WhatsApp cancelled its February 8 deadline for accepting the update to its terms
"...The new policy of WhatsApp proposes to share the metadata of users' chat with business accounts with other Facebook companies. It would create a honeypot of information about users with Facebook group which can create security risks and vulnerabilities for users," people familiar with the matter said, referring to what the Electronics and Information Technology Ministry communicated to WhatsApp.
"Ministry further objects to the all-or-nothing approach of WhatsApp that forces users to accept the new service terms and privacy policies, without giving an option to the users to opt-out of this proposed change of integrating user data with other Facebook companies," the people said.
WhatsApp on Friday last postponed its data-sharing policy change after users concerned about privacy fled the messaging service and flocked to rivals Telegram and Signal. The smartphone app, a huge hit across the world, cancelled its February 8 deadline for accepting the update to its terms concerning sharing data with Facebook, saying it would use the pause to clear up misinformation around privacy and security.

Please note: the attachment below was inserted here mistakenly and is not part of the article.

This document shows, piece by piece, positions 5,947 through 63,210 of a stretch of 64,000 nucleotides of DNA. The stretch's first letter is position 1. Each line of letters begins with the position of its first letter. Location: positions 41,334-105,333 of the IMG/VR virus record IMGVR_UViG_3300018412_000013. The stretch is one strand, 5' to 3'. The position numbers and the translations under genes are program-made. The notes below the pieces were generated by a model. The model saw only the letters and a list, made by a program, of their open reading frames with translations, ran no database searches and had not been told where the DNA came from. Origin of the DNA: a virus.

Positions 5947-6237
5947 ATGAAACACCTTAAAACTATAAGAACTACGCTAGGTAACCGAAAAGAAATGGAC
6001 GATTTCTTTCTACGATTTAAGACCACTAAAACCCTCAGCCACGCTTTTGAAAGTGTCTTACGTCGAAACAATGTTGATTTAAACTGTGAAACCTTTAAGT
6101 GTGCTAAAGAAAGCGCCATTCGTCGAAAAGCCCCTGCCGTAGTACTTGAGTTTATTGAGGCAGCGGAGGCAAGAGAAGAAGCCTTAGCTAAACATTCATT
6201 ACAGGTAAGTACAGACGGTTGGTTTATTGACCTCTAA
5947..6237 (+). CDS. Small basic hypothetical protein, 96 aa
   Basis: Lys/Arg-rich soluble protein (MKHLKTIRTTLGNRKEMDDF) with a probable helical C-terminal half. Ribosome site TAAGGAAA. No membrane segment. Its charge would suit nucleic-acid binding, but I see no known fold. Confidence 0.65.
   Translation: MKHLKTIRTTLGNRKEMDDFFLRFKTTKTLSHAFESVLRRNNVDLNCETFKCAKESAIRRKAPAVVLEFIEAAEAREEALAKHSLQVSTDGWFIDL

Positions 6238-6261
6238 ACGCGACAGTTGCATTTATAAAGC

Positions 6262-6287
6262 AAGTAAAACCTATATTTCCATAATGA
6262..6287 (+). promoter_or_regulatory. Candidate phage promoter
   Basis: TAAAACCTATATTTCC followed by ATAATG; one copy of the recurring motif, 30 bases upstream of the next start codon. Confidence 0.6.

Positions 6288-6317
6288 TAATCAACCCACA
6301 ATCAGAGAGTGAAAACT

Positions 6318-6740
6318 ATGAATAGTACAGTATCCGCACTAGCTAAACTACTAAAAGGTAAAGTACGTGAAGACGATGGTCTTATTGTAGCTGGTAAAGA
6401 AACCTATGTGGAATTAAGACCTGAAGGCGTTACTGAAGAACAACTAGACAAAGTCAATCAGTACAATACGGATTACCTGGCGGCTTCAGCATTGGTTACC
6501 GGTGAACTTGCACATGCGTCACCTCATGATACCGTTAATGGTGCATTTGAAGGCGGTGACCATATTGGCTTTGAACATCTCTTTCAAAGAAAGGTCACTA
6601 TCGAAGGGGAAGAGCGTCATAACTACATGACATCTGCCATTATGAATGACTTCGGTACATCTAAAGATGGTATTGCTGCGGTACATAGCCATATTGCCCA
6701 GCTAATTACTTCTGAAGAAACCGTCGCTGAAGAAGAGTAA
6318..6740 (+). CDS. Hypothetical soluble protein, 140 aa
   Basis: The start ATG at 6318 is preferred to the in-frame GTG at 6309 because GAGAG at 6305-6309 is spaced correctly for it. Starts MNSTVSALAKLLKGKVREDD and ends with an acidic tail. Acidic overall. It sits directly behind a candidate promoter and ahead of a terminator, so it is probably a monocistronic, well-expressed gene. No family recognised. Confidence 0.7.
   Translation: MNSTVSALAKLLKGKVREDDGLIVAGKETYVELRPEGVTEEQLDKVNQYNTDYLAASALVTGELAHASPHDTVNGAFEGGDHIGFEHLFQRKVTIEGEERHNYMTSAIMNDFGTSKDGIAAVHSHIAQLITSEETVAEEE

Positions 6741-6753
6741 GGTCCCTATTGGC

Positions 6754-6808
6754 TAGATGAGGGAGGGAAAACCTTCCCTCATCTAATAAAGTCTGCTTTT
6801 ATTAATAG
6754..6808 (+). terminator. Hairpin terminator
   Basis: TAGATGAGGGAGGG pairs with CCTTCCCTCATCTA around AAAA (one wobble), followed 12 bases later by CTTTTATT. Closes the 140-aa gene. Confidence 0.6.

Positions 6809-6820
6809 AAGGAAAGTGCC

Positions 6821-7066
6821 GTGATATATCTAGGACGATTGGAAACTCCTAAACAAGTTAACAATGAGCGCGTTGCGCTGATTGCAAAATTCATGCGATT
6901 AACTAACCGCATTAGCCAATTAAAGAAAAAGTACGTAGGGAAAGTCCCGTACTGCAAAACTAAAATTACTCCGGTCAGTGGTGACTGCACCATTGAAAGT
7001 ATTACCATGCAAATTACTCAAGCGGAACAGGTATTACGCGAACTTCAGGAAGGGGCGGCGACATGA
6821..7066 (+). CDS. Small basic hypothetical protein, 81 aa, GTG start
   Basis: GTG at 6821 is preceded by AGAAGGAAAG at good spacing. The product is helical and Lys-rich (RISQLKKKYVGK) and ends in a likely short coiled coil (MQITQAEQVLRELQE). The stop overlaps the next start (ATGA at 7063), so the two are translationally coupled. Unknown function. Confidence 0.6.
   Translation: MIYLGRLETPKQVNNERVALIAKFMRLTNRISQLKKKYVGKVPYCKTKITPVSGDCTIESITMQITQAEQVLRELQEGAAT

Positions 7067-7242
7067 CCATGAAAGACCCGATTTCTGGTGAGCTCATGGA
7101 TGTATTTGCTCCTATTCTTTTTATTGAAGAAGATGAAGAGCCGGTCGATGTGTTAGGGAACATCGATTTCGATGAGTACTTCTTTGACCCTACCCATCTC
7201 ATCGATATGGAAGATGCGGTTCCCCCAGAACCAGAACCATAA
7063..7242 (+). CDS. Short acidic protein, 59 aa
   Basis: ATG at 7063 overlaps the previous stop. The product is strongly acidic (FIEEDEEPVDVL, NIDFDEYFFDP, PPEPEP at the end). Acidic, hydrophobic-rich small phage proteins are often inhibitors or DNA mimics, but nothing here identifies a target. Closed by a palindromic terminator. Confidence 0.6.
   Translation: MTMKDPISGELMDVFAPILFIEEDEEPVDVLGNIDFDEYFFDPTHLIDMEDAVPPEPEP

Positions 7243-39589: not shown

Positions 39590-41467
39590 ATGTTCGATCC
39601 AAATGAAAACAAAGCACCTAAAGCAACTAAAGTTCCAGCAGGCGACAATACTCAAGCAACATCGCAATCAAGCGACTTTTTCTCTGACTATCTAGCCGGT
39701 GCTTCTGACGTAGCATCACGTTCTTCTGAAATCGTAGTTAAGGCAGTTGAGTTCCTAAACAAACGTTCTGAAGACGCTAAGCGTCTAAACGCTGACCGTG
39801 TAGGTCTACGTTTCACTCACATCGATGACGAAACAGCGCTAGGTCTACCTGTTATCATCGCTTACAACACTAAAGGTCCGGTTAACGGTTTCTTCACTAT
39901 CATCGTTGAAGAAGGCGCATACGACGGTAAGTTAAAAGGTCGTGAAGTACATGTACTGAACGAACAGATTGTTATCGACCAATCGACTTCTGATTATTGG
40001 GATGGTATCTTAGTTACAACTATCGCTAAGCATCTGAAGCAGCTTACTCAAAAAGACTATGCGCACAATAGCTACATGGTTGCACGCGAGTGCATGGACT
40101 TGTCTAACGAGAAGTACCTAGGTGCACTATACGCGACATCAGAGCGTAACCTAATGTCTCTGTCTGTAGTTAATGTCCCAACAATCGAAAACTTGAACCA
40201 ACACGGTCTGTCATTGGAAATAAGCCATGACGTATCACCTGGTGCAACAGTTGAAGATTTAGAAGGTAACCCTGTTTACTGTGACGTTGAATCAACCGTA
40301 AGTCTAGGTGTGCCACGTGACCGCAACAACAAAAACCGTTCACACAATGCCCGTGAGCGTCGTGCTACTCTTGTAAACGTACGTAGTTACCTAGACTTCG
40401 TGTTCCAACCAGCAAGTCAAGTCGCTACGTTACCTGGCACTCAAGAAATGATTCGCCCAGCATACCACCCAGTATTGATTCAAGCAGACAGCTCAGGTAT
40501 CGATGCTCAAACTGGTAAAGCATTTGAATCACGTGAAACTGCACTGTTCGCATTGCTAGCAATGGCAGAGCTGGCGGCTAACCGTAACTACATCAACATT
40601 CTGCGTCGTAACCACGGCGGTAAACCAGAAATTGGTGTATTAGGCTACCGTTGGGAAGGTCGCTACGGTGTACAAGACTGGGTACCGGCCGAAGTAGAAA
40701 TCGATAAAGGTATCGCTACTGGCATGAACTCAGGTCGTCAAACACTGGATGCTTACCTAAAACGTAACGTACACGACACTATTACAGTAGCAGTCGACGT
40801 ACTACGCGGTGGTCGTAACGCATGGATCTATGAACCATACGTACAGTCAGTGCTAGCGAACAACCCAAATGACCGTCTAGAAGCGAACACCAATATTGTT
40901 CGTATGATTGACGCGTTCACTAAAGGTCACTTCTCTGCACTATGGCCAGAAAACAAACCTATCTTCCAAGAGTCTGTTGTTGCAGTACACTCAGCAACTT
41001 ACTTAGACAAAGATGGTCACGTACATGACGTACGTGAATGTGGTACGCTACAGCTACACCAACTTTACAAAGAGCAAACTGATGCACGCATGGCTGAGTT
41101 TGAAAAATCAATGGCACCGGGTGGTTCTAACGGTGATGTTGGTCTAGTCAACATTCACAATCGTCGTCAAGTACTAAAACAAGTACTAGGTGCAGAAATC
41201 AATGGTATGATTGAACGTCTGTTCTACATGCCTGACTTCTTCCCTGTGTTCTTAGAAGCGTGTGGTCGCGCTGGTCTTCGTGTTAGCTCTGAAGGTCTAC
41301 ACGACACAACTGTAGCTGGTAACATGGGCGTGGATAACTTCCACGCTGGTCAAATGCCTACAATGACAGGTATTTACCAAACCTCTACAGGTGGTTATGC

"Ministry has also objected to the differential privacy policies for European Union and India. Given that India has the largest user base for WhatsApp in the world, this discriminatory treatment to Indian users shows lack of respect for interests of Indian citizens by WhatsApp. In this context, government reminds WhatsApp that it has a sovereign right to protect the interests of Indian citizens and it shall not compromise on that at any cost," people with knowledge of the matter said.
"Ministry has further asked WhatsApp as to why they have brought about such significant changes when the parliament of India is already considering the Personal Data Protection Bill. This bill, which is at an advance stage of consideration by the joint select committee of both houses of the parliament, strongly follows the principle of 'purpose limitation' with regard to data processing," they said.
The government has sent a list of 14 questions to WhatsApp on privacy and data security concerns. Some of the questions include asking WhatsApp to disclose the exact categories of data that it collects from users in India, the permissions and user consent sought by the app and how each of these would be used.
Encrypted messaging app Telegram has seen user ranks surge on the heels of the WhatsApp service terms announcement. Another encrypted messaging app Signal has also seen a huge surge in demand, helped by a tweeted recommendation by billionaire tech entrepreneur Elon Musk.